A pivotal Obamacare provision that would be thrown out if the court strikes the law down bars insurance companies from denying coverage to people with pre-existing medical conditions. In the hearing room, Democrats displayed posters of patients who could lose their medical coverage if Obamacare is invalidated, with senators recounting their individual stories.
Repeated Republican efforts to repeal Obamacare in Congress have fallen short, and Republicans have taken the effort to the courts.
Republican Senator Ted Cruz said the Democratic focus on healthcare and other policy issues showed they were not contesting Barrett's qualifications to serve as a justice.
Republican Senator Lindsey Graham, who chairs the committee, opened the hearing by saying it would be "a long contentious week" but implored senators to make the proceedings respectful.
"Let's remember, the world is watching," Graham added.
"This is probably not about persuading each other, unless something really dramatic happens. All Republicans will vote yes and all Democrats will vote no," Graham said.
Democratic Senator Patrick Leahy condemned the Republican "mad rush" to fill the vacancy.
"They see the ability to take the courts from being independent to making them instead an arm of the far right and the Republican Party, with the potential to accomplish in courts what they have failed to accomplish by votes in the halls of Congress. And at the top of the hit list is the Affordable Care Act," Leahy said.
Graham defended the Republican approach even while acknowledging that four years earlier they had refused to act on Obama's nominee to fill a Supreme Court vacancy because it was an election year, and that no Supreme Court nominee had a confirmation process so close to an election.
The Senate's Republican leaders rejected Democratic pleas to delay the hearing over COVID-19 concerns.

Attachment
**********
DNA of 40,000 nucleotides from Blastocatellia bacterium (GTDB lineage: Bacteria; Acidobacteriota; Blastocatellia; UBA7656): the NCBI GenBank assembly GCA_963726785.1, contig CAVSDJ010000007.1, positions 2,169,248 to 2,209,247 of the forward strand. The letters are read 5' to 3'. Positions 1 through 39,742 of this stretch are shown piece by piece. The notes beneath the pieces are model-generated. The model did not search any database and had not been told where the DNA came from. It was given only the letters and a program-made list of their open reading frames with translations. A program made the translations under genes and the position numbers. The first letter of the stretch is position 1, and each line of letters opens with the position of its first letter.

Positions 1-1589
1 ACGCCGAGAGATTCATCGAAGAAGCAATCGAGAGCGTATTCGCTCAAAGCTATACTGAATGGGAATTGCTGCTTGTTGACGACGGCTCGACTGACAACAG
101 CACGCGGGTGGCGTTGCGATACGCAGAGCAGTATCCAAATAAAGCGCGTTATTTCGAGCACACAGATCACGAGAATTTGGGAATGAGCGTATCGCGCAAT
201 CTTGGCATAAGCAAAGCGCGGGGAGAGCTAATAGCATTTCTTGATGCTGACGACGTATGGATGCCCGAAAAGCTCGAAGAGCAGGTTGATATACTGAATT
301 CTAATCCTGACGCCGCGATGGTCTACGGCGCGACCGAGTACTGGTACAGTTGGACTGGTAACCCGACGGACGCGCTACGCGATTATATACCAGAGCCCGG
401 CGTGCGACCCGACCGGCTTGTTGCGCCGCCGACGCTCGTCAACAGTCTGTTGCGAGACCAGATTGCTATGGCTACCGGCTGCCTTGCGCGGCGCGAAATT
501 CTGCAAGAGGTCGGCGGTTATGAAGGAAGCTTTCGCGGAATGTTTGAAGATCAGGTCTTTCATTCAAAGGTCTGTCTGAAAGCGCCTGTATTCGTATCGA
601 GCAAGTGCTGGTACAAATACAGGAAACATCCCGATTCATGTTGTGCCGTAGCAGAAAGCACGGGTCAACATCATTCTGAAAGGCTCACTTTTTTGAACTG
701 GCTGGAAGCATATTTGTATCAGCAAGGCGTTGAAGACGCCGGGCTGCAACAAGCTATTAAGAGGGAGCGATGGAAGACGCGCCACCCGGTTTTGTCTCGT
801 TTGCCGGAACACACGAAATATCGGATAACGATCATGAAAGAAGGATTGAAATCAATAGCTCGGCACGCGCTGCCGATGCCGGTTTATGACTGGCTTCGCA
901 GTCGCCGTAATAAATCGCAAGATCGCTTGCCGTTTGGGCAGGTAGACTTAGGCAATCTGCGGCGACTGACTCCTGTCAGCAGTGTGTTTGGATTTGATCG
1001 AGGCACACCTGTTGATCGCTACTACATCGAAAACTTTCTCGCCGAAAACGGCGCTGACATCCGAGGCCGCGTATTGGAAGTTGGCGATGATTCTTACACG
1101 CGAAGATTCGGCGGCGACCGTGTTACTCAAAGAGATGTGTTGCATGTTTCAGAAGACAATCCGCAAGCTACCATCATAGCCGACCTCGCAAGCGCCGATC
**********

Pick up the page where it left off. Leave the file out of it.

Due to the pandemic, Harris and some other senators participated remotely. Republican Senator Mike Lee attended in person nine days after revealing he head tested positive for the coronavirus, arriving wearing a light-blue surgical mask. He took off the mask while giving his opening statement.
Barrett is a devout Catholic who has expressed opposition to abortion. Christian conservative activists long have hoped for the court to overturn the landmark 1973 Roe v. Wade ruling that legalized abortion nationwide.
Democratic Senator Cory Booker said that "Senate Republicans have found a nominee in Judge Barrett who they know will do what they couldn't do - subvert the will of the American people and overturn Roe v. Wade."
Republicans sought to portray the Democrats as attacking Barrett on religious grounds, though the Democrats steered clear of doing so. Speaking to reporters in Delaware, Biden said Barrett's Catholic faith should not be considered during the confirmation process. Biden was the first Catholic U.S. vice president.
"This nominee said she wants to get rid of the Affordable Care Act. The president wants to get rid of the Affordable Care Act," Biden said. "Let's keep our eye on the ball."
(Reporting by Lawrence Hurley, Andrew Chung and Patricia Zengerle; Editing by Will Dunham)